WEST BANK, February 2015 – Women play an integral role in the Palestinian economy. But many factors hinder their ability to launch and sustain viable businesses.
They face restrictions on their movements and security constraints. They have limited opportunities to meet successful role models and gain access to business associations. The majority of women-owned enterprises in Palestine are not registered with the Chamber of Commerce.
The Advancing Women’s Business in the Palestinian Territories project (AWBP), implemented by the Near East Foundation (NEF) in partnership with the Cherie Blair Foundation for Women and the Trafigura Foundation, aims to help Palestinian women entrepreneurs expand their businesses and drive economic development by supporting enterprises to be market- oriented, scalable, and generate jobs. The AWBP project focuses on the “missing middle” of women entrepreneurs, who have the potential to become an integral part of the small- and medium-sized enterprise sector, play a key role in revitalizing the Palestinian economy, and trigger social change.
In August 2014, more than 120 woman entrepreneurs attended events in Ramallah, Bethlehem, and Hebron that launched the project, which will provide them with the necessary skills and tools needed to take their business models to the next level. As a result of these events, more than 300 applications were received from moderate-sized businesses owned by women in the three target regions.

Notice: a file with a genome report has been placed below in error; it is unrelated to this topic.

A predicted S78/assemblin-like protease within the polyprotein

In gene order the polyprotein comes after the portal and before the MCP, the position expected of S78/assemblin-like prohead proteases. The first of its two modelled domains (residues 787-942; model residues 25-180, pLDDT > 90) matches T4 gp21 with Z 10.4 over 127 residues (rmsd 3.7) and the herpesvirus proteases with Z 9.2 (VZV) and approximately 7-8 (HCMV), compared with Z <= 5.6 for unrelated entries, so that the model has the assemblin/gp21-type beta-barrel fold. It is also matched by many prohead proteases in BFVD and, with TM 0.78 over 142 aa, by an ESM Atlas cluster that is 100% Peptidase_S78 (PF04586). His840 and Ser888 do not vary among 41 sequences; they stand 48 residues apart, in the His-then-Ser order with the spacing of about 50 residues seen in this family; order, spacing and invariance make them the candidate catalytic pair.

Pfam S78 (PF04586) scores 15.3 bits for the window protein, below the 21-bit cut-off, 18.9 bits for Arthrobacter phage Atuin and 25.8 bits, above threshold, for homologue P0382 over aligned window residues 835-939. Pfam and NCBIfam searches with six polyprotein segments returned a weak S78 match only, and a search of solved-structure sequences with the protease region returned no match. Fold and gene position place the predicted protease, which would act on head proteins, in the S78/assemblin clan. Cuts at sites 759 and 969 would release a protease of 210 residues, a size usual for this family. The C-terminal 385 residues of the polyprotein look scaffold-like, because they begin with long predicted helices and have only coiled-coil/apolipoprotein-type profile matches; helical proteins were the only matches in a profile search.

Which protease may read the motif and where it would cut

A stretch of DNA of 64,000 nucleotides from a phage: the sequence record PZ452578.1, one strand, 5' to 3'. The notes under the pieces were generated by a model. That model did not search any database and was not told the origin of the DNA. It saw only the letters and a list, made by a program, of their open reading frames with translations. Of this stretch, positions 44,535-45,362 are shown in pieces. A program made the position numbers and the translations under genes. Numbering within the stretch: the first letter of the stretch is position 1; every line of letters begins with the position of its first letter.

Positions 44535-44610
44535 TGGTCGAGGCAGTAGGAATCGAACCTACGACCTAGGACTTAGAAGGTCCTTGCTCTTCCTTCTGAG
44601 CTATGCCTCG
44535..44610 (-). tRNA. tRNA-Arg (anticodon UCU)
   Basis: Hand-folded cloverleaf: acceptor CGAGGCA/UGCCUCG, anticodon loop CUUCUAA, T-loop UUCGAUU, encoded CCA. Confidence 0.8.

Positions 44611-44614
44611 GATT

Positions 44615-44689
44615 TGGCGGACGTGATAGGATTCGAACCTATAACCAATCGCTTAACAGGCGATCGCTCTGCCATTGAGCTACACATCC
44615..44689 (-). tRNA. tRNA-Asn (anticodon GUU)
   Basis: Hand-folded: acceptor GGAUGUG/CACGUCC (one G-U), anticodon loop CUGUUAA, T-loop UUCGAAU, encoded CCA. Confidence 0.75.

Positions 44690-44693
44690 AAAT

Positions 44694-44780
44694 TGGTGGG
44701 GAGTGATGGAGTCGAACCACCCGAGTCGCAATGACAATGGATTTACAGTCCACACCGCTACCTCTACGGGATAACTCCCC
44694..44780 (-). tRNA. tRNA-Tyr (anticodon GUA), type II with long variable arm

Initially, 114 applicants were selected for the intensive business and marketing training. After evaluation of their business plans and trainer feedback, the 60 top performing women entrepreneurs moved on the second phase of the project and are receiving intensive business coaching (additional applicants will join the project in 2015). In January 2015, 35 of these women entrepreneurs advanced to receive further one-on-one training, coaching, and financial support in an incubation-type process designed to quickly grow their businesses.
Tailored training and support will not only strengthen the technical and managerial skills of the women entrepreneurs, but will also provide opportunities for the women to discuss and share experiences, exchange ideas, and expand business connections and relationships among their peers. For instance, during the training session in Hebron, Abeer Badwai secured six orders for her pastries from other participants. “The training was the best location to market my pastries,” Abeer says.